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Passing It On

Gifts and Inheritances

Unless you’re a “take it with you” kind of person, you’ll want to make some plans for passing on gifts and inheritances you’ve decided to save for along the way.

grandparent planned his future with BOK Financial so that they could enjoy a less stressful tomorrow with their grandchild.

Passing It On

Now is the time to review your will, powers of attorney, and beneficiary designations on life insurance policies and retirement accounts. An experienced advisor can help make sure your wishes are correctly recorded so that your kids, grandkids, favorite charity, or whoever you select will benefit from your generosity. Remember, you may visit this stage several times throughout your life as your situation or goals change.

grandchild hugging their grandparent as they'll benefit from their grandparent's generosity due to will planning with BOK Financial.

The tax rates on inheritances can be as low as 1 percent or as high as 20 percent of the value of property and cash you inherit. 1

Did You Know?

When making long-term financial plans and estate plans, you might run into special concerns: Will the right people inherit your money? Are you sure your heirs are able to manage their inheritance responsibly? Are there any strategies to help you transfer your money to the next generation or to charity or tax efficiently?

For all those various types of concerns, you might want to consider setting up a trust. These are legal arrangements that allow you to better determine the distribution of your property during or after your lifetime.

client making long-term financial and estate plans with a BOK Financial advisor.
  • zero point seven percent

    Americans gave $427.71 billion in charitable giving in 2018. This reflects a 0.7% increase from 2017. 2

  • eighteen percent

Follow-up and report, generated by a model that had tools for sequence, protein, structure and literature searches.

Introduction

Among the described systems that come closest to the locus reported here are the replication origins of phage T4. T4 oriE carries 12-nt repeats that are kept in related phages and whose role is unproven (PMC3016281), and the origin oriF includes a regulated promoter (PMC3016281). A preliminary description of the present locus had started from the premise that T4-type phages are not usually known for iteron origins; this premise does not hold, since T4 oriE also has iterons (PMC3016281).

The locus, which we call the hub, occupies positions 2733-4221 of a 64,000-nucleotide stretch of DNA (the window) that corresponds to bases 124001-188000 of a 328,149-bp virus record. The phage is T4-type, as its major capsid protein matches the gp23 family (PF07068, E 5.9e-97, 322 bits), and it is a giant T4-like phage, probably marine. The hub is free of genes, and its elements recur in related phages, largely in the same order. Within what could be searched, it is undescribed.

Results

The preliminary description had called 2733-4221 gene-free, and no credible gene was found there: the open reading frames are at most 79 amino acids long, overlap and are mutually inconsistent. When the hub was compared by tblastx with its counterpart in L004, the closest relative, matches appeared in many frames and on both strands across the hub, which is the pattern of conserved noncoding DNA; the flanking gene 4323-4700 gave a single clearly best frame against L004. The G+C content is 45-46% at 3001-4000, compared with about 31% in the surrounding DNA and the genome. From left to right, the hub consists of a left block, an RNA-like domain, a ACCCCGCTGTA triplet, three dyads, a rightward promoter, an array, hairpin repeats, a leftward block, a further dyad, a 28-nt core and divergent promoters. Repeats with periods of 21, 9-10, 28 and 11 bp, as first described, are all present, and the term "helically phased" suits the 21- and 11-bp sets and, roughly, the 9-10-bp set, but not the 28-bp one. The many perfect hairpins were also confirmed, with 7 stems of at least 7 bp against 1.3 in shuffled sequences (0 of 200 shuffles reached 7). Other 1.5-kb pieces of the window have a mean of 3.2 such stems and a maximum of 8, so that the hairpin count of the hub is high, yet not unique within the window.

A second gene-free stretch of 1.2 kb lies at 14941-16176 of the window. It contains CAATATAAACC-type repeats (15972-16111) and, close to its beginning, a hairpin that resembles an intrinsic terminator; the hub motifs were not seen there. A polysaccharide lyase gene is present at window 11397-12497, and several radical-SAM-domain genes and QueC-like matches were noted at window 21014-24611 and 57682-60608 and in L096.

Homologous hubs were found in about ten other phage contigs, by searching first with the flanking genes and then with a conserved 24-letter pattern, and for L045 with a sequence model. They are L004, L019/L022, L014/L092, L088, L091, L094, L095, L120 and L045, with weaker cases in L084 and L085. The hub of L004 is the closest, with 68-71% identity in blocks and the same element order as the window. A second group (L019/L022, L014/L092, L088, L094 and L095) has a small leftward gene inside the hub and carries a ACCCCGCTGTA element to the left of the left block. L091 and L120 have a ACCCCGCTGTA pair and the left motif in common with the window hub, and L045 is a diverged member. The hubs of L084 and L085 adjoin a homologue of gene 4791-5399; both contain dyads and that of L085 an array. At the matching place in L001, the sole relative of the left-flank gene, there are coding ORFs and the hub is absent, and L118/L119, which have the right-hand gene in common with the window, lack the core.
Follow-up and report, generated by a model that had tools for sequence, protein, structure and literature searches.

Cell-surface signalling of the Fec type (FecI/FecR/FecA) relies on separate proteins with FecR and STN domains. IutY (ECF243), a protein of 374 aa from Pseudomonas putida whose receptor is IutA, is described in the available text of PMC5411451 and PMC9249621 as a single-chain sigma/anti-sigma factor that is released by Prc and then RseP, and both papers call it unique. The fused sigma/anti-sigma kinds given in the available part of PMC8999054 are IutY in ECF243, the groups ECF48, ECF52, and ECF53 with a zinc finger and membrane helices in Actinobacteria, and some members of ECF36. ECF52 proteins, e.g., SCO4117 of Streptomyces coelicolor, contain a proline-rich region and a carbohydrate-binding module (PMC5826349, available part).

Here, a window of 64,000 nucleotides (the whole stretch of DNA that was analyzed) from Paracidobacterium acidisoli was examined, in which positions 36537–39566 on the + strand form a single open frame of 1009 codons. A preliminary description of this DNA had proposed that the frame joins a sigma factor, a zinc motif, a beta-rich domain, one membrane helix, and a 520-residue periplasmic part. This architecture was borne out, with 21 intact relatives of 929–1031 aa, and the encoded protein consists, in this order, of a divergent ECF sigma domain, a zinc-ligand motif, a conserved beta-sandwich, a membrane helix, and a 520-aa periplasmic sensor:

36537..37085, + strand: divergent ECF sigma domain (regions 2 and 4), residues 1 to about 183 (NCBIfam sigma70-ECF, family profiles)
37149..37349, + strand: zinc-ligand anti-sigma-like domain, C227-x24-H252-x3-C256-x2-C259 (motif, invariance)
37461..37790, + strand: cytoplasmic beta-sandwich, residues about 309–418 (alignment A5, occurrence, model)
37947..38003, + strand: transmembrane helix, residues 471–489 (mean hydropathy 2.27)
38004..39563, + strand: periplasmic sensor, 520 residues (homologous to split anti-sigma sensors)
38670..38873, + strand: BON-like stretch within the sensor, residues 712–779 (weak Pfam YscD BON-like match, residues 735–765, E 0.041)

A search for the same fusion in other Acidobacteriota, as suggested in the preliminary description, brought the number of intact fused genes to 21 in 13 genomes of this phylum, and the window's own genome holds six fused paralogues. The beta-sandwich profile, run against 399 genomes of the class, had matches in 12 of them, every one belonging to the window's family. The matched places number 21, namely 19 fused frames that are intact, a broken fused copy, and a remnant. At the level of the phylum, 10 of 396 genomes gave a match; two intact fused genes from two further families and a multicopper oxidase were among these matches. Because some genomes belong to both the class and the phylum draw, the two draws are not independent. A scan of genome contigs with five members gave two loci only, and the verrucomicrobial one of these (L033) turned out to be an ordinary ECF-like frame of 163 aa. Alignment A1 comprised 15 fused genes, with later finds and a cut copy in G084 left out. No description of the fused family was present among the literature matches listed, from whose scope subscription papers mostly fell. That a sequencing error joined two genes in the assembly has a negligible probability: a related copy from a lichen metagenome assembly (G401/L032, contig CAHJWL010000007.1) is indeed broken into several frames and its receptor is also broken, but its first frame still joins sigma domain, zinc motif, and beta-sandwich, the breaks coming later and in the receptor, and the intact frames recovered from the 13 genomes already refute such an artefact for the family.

Only 18 percent of people over 55 have all of the recommended legacy plan essentials: a will, a health care directive, and durable power of attorney. 3

  • thirty-three point three percent

    One in three American adults with investable assets say their financial stability is dependent on receiving an inheritance. 4

About half of all inheritances are less than $50,000, and an additional 30 percent range from $50,000 to $249,000, according to the Federal Reserve. 5

5 Key Documents to Protect Your Assets

Planning to pass down your assets? Here are five key documents that can help.

Preparing the Next Generation

Are your children ready to manage your family's assets? Teach them financial responsibility now to prepare them.

The Basics

It depends on how long you've worked in a job where you've paid social security taxes and how old your children are at the time of your passing.

First, how long you’ve worked: you must have earned the required number of social security credits by working in a job where you pay social security taxes on your earnings. Typically, the required number of credits is 40, depending on your age at the time of your death. But a special rule applies to young workers that may allow your children to be eligible for benefits if you earned at least six Social Security credits in the three years just before your death. Because you can earn only four credits per year, you must have worked at least a year and a half to earn these six credits.